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Conditionals in therapy and counseling sessions : Therapists' and clients' uses of what-if constructions

Hartman, Jenny LU (2019) In Journal of Pragmatics 140. p.112-126
Abstract
Based on transcribed spoken data, this study explores therapists’ and clients’ uses of what-if constructions in therapy and counseling sessions. It seeks to establish how these constructions are used, whether there are usage differences between these two groups of speakers, and, if so, how such differences can be explained. The study concludes that both therapists and clients use what if, but they do so to satisfy different communicative needs. Clients primarily use what if to convey worry and doubt (What if don’t like it there?), whereas therapists use what if to summarize and re-construe their clients' worries, to present alternative perspectives and entertain potential consequences (What if you gave up your guilt?). Both groups of... (More)
Based on transcribed spoken data, this study explores therapists’ and clients’ uses of what-if constructions in therapy and counseling sessions. It seeks to establish how these constructions are used, whether there are usage differences between these two groups of speakers, and, if so, how such differences can be explained. The study concludes that both therapists and clients use what if, but they do so to satisfy different communicative needs. Clients primarily use what if to convey worry and doubt (What if don’t like it there?), whereas therapists use what if to summarize and re-construe their clients' worries, to present alternative perspectives and entertain potential consequences (What if you gave up your guilt?). Both groups of speakers use what if to prompt (re)enactment of scenarios, often in connection with metarepresented speech and thought (I was like, “What if he is here?”). The study offers linguistic support for clinical observations concerning the prevalence of what-if reasoning in anxiety disorders, and additionally illustrates how therapists use language to trigger reality-distancing in their clients. Through a systematic application of Chilton’s Deictic Space Theory, the study demonstrates the utility of a cognitive linguistic approach to the consideration of interactive spoken data. (Less)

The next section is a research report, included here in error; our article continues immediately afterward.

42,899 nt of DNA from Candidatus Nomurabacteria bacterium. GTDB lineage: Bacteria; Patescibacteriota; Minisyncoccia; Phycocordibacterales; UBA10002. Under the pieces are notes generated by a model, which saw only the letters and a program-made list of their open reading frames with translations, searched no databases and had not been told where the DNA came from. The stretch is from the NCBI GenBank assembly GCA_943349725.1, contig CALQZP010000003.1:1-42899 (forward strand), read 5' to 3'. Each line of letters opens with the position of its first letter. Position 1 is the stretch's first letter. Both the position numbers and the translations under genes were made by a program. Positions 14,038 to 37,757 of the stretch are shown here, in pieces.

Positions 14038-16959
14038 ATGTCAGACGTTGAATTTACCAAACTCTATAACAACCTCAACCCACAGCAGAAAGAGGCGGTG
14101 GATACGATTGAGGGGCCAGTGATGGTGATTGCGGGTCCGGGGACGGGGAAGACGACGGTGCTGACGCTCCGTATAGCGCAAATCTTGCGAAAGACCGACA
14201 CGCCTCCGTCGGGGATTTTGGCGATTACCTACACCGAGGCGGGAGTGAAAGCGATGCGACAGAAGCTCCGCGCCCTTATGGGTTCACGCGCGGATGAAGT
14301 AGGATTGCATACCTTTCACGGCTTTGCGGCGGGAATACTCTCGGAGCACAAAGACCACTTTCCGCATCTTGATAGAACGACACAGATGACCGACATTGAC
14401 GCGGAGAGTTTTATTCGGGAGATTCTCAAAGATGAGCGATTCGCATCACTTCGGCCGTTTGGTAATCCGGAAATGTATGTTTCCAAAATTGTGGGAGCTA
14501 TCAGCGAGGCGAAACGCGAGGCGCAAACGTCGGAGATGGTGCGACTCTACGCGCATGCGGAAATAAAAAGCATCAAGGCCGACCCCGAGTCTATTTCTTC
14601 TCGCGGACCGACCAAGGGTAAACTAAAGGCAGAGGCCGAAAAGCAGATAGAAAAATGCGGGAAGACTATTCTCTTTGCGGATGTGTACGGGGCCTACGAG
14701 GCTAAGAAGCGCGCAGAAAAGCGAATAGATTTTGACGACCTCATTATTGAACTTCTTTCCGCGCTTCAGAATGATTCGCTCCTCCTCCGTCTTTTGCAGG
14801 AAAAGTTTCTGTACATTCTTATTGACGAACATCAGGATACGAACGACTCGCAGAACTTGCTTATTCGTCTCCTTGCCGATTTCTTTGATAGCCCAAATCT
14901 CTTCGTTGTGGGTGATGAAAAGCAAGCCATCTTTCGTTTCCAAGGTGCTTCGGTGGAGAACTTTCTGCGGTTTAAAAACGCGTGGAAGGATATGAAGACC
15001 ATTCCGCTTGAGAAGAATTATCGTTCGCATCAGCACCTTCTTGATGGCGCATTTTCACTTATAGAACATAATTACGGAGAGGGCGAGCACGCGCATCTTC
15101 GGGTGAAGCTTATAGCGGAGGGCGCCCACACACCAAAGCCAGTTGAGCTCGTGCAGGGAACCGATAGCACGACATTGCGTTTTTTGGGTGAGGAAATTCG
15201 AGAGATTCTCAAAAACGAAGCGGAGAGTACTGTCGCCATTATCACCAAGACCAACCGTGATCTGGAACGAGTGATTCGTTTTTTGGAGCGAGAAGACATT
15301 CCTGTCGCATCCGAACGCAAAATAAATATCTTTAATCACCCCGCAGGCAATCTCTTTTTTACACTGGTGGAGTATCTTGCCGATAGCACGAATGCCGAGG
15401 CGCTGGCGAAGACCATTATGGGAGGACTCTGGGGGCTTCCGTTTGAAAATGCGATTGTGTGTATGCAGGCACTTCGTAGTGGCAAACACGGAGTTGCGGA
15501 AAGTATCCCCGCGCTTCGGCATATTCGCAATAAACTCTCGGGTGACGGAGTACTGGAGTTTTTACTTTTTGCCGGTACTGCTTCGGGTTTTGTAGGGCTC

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author
organization
publishing date
type
Contribution to journal
publication status
published
subject
in
Journal of Pragmatics
volume
140
pages
112 - 126
publisher
Elsevier
external identifiers
  • scopus:85058509618
ISSN
0378-2166
DOI
10.1016/j.pragma.2018.12.003
language
English
LU publication?
yes
id
b01c0a9d-0d5c-4182-bf3b-da67e4a325d2
date added to LUP
2018-12-05 08:32:34
date last changed
2019-02-20 11:39:01
@article{b01c0a9d-0d5c-4182-bf3b-da67e4a325d2,
  abstract     = {Based on transcribed spoken data, this study explores therapists’ and clients’ uses of what-if constructions in therapy and counseling sessions. It seeks to establish how these constructions are used, whether there are usage differences between these two groups of speakers, and, if so, how such differences can be explained. The study concludes that both therapists and clients use what if, but they do so to satisfy different communicative needs. Clients primarily use what if to convey worry and doubt (What if don’t like it there?), whereas therapists use what if to summarize and re-construe their clients' worries, to present alternative perspectives and entertain potential consequences (What if you gave up your guilt?). Both groups of speakers use what if to prompt (re)enactment of scenarios, often in connection with metarepresented speech and thought (I was like, “What if he is here?”). The study offers linguistic support for clinical observations concerning the prevalence of what-if reasoning in anxiety disorders, and additionally illustrates how therapists use language to trigger reality-distancing in their clients. Through a systematic application of Chilton’s Deictic Space Theory, the study demonstrates the utility of a cognitive linguistic approach to the consideration of interactive spoken data.},
  author       = {Hartman, Jenny},
  issn         = {0378-2166},
  language     = {eng},
  pages        = {112--126},
  publisher    = {Elsevier},
  series       = {Journal of Pragmatics},
  title        = {Conditionals in therapy and counseling sessions : Therapists' and clients' uses of <i>what-if </i>constructions},
  url          = {http://dx.doi.org/10.1016/j.pragma.2018.12.003},
  volume       = {140},
  year         = {2019},
}